Ethiopia has more than 1.1 million coffee farmers (smallholders) representing 95% of the production. The varieties are referred to collectively as Ethiopian Heirloom, which is a myriad of local native Typica hybrids and new improved varietals based on the old strains. The two main growing areas are in the west and south. Most coffees are organic by default.
This coffee is a result of a sustainable Technoserve project in the west based on transparency and increased quality production. Technoserve is a NGO supporting the farmers in setting up washing stations and new cooperative structures. This project has revealed a new great range of coffee flavors not found elsewhere. Technoserve’s coffee initiative is a project measuring their success in the value and quality of the coffees produced and the farmers increase in their coffee income. All cooperative members qualify for second payment. This has so far contributed to a significant increase in payment for the local coffee farmers.
The west represents about 46% of Ethiopia’s total production. It includes regions like Jimma, Kaffa, Limu, Illubabor, Wellega, Bench Maji and others. In the west you find three major types of farming: at higher altitudes you find either forest coffees, which are grown “wild,” or semi-forest coffees grown in smallholder blocks. Both types come from ancient trees, rarely pruned, and organic fertilizer is common in smallholder blocks. At lower altitudes you find more recently and densely planted varieties and larger farms.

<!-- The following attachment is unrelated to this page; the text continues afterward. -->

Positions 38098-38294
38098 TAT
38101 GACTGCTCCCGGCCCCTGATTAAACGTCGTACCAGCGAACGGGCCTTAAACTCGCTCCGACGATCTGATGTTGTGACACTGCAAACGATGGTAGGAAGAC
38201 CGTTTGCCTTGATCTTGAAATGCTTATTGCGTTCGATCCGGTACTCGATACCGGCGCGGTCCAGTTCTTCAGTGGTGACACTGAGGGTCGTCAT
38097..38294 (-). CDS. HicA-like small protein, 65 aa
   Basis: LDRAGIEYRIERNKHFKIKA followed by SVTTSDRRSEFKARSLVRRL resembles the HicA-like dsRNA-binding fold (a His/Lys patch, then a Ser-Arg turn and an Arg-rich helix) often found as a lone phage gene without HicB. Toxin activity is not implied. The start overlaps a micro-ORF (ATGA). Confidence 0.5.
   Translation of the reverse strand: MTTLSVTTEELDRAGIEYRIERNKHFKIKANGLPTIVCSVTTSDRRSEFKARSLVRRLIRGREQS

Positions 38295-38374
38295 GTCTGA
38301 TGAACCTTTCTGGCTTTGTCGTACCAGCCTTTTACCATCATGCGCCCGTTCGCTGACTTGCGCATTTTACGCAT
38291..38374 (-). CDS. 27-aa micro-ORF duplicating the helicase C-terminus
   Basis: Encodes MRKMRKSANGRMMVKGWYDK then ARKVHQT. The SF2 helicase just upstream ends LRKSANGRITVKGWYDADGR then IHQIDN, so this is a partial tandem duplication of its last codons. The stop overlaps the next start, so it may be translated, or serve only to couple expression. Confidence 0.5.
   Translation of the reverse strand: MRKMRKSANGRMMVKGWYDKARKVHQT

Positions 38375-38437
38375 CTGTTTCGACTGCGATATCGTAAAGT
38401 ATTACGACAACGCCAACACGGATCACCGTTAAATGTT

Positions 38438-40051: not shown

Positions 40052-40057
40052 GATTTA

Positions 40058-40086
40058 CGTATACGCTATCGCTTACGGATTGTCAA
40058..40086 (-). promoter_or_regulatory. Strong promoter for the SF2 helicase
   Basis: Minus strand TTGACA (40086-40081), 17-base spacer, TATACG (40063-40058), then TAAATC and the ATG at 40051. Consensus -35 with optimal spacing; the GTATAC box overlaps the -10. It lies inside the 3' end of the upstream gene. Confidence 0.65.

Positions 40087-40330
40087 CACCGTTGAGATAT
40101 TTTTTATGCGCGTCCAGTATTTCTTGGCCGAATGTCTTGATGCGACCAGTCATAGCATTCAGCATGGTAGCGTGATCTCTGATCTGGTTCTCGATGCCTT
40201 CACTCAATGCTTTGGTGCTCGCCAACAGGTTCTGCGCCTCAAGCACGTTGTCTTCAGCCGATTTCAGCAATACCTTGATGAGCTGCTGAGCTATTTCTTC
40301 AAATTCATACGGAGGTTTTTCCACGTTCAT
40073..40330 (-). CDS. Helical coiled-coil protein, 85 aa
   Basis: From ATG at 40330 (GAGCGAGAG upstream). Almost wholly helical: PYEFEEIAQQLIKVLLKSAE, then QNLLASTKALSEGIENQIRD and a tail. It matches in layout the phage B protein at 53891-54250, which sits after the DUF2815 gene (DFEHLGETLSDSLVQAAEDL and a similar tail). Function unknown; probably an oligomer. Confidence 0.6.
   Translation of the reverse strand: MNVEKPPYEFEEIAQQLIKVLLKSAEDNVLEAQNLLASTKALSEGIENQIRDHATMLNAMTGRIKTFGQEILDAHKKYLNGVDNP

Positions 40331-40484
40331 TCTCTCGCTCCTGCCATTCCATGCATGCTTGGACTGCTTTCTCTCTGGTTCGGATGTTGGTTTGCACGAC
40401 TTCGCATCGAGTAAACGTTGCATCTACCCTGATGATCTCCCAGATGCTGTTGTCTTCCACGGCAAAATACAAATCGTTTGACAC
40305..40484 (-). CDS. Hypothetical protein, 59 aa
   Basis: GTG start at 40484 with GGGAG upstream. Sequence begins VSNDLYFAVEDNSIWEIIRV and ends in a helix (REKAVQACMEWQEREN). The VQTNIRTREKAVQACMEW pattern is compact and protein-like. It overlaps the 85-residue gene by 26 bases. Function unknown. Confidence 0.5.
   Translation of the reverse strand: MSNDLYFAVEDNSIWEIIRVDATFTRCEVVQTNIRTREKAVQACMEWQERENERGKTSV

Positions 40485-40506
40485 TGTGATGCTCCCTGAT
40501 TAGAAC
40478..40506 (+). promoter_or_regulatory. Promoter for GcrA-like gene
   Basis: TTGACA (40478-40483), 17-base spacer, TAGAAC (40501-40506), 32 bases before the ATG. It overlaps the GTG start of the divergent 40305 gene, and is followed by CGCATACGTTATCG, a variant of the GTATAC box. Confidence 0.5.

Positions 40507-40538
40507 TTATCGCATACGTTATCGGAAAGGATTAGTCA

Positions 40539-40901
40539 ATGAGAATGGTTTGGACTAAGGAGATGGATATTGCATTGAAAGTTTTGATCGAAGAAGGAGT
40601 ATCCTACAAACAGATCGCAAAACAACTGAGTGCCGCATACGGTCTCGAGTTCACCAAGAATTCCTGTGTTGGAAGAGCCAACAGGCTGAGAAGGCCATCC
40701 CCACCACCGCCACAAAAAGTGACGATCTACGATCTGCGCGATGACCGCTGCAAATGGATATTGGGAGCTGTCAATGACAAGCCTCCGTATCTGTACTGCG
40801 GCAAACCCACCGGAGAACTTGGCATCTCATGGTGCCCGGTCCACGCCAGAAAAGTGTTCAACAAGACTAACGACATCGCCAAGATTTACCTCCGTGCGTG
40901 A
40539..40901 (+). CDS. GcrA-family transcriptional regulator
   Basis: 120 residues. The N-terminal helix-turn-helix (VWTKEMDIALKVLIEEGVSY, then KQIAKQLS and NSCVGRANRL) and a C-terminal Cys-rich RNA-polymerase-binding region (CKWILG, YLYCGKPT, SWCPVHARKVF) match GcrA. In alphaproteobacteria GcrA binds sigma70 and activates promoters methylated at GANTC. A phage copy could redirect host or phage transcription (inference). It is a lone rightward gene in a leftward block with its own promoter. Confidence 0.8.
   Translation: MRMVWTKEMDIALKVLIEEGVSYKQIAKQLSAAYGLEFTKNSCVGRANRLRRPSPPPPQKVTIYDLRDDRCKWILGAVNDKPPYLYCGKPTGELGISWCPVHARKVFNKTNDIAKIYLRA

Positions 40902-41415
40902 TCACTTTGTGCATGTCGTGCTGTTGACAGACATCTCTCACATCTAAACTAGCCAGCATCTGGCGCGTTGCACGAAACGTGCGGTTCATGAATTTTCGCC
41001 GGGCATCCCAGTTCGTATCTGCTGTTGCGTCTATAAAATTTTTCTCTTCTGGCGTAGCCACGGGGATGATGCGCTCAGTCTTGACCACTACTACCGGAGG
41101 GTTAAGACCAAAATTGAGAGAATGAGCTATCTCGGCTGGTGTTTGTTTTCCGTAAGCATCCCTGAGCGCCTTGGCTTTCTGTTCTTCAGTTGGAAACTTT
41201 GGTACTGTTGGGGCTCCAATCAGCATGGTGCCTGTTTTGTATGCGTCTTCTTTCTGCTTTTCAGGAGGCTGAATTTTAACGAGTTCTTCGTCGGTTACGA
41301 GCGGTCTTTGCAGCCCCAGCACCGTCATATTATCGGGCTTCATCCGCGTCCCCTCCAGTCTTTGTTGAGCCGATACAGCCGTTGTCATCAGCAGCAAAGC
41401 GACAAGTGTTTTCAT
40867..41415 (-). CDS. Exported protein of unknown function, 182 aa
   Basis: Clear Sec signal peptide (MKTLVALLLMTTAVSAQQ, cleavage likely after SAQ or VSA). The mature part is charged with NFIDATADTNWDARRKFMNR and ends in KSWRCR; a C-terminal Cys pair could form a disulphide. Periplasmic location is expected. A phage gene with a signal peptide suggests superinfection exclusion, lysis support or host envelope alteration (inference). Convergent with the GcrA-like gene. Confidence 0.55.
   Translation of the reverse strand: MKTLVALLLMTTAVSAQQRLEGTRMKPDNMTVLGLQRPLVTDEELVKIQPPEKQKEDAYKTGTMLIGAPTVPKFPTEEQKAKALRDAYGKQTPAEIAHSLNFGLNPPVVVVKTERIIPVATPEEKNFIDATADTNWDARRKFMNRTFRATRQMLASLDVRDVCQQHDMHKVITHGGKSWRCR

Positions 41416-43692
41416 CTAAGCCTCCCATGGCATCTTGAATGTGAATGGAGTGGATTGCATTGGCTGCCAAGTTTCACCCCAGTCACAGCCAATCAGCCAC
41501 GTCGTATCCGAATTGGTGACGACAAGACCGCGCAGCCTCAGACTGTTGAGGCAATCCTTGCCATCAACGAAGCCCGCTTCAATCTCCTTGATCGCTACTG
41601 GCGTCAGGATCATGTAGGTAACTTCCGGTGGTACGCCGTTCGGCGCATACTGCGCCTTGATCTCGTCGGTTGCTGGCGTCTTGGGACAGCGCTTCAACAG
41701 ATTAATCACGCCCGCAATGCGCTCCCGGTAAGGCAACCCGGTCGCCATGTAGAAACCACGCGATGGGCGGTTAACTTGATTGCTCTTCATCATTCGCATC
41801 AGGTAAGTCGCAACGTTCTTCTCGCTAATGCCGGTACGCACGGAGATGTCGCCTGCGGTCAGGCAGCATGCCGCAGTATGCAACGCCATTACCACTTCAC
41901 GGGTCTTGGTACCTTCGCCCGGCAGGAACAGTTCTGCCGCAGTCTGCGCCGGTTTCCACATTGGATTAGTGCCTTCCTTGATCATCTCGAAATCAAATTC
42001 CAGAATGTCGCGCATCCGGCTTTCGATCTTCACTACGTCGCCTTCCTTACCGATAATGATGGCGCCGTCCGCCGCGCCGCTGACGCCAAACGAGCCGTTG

For more information on Ethiopia and Technoserve, see our earlier post here
Cooperative: Wakito Madalu
Zone, Woreda/Local municipality: Jimma, Tije
Altitude: Coffee grown from 1950 – 2100 meters
Producers: About 470 smallholder members deliver cherry to the wet mill. Membership is optional. Non members don’t qualify for second payment.
Varietals: Ethiopian Heirloom, “Native Jimma Type”. Semi-forest and wild forest farming.
Grade: Screen 15 and up.
Production: Pulped and mechanically demucilaged, soaked in water and sundried.
Process: Cherries are hand sorted for unripes and overripes by the farmers before they go in to production. A Penagos Eco Pulper removes the skin, pulp and mucilage. It is then soaked in clean water in fiber glass tanks for about 10 hours.
Drying: Skin dried and sorted for 4-6 hours after soaking. Sun dried about 10 days on African drying beds on hessian cloths. Coffees are covered in plastic or shade nets during midday and at night.
Soil: Recent volcanic deposits.
Notes: Wakito Madalu was established in 2011. Total production in 2011 was about 600 bags. They use trace ability sheets to track coffees from days of production at drying tables to the warehouse
Cupping notes: Complex citrus, some rosehip and floral notes in aroma. Red fruit flavors, sweet rhubarb and rosehip. Medium intensity but great structure and balance. Soft and elegant, transparent and juicy in finish.